The Sioux, Crows and Blackfeet dominated the Northern Plains. These Native American groups met adversity as the continuous stream of European immigrants into northeastern American cities delivered a stream of immigrants into the western lands already populated by these various groups of Indians.

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    The early nineteenth century in the United States was marked by its continual expansion to the Mississippi River. However, due to the Gadsden purchase, that lead to U.S. control of the borderlands of southern New Mexico and Arizona as well as the authority over Oregon country, Texas and California; America’s expansion would not end there. Between 1830 and 1860 the United States pretty much doubled the amount of land within its control.

    These territorial gains coincided with the arrival of troves of European and Asian immigrants who wished to join the surge of American settlers heading west. This, combined with the discovery of gold in 1849, presented captivating possibilities for those willing to make the long journey westward. Consequently, with the military’s protection and the U.S. government’s assistance, many settlers set about building their homesteads in the Great Plains and other areas of the Native American group-inhabited West.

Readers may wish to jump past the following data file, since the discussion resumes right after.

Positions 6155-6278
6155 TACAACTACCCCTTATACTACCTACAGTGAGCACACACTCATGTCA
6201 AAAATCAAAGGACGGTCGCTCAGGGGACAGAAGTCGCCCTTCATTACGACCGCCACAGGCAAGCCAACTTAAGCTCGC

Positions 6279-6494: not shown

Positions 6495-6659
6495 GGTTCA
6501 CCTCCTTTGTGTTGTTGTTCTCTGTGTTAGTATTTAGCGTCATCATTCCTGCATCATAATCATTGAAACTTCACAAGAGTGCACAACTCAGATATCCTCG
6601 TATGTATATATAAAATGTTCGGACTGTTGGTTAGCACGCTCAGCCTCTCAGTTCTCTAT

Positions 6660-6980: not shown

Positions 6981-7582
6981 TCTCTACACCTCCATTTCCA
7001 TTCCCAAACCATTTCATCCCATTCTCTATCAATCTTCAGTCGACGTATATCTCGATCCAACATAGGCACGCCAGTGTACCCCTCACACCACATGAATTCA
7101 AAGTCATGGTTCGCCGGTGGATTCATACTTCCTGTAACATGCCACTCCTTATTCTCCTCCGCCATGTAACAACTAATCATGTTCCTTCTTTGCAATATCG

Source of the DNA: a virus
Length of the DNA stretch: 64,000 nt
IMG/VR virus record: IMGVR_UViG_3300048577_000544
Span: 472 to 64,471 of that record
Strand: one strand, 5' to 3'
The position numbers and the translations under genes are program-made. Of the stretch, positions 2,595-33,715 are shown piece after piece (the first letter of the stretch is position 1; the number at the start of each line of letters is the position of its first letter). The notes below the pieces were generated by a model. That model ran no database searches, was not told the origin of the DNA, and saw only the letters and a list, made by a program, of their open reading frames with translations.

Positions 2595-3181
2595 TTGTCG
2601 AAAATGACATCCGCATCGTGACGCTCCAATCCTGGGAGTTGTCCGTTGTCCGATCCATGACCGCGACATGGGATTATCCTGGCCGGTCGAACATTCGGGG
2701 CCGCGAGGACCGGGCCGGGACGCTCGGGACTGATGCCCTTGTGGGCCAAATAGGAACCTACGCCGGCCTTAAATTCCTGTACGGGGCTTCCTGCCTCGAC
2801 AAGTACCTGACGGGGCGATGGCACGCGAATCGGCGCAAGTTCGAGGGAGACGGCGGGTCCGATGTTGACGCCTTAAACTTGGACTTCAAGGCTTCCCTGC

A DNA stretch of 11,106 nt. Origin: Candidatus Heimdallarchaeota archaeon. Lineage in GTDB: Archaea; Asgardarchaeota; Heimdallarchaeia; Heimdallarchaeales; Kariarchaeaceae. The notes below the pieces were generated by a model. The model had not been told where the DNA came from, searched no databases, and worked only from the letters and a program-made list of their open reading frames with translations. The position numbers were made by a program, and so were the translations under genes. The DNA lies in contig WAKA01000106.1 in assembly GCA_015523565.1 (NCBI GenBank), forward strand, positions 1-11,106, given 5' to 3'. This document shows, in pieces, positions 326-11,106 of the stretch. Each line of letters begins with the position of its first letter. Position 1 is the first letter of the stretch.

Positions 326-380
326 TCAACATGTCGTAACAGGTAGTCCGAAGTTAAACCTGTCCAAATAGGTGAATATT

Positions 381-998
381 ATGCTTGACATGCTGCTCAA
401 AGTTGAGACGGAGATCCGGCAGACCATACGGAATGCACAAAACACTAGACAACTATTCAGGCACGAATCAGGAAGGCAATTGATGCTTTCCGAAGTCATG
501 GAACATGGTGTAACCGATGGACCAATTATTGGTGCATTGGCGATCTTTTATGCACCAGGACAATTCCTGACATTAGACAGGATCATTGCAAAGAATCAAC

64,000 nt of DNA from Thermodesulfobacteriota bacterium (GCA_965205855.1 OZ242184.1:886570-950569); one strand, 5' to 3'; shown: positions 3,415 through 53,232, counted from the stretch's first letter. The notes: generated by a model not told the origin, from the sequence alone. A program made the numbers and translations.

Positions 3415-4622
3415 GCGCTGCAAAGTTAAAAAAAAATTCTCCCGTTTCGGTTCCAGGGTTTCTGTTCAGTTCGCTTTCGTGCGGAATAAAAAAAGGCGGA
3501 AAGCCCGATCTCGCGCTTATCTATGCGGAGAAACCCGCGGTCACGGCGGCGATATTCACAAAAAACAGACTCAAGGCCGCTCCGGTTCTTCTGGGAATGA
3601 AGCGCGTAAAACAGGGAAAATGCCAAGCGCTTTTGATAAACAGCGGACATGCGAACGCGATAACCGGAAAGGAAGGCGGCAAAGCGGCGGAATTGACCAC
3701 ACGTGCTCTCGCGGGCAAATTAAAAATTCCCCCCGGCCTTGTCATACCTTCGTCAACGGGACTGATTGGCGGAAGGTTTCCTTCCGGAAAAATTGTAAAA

signing the treaty of traverse des sioux

    Native American Tribes


    Native American Policy can be defined as the laws and procedures developed and adapted in the United States to outline the relationship between Native American tribes and the federal government. When the United States first became an independent nation, it implemented the European policies towards the indigenous peoples, but over the course of two centuries the U.S. adapted its very own widely varying policies regarding the changing perspectives and requirements of Native American supervision.

    In 1824, in order to administrate the U.S. government’s Native American policies, Congress created a new bureau within the War Department called the Bureau of Indian Affairs, which worked directly with the U.S. Army to enforce their policies. At times the federal government recognized the Indians as self-governing, distinct political communities with numerous cultural identities; however, at other times the government attempted to compel the Native American tribes to give up their cultural identity, let go of their land and assimilate into the American traditions.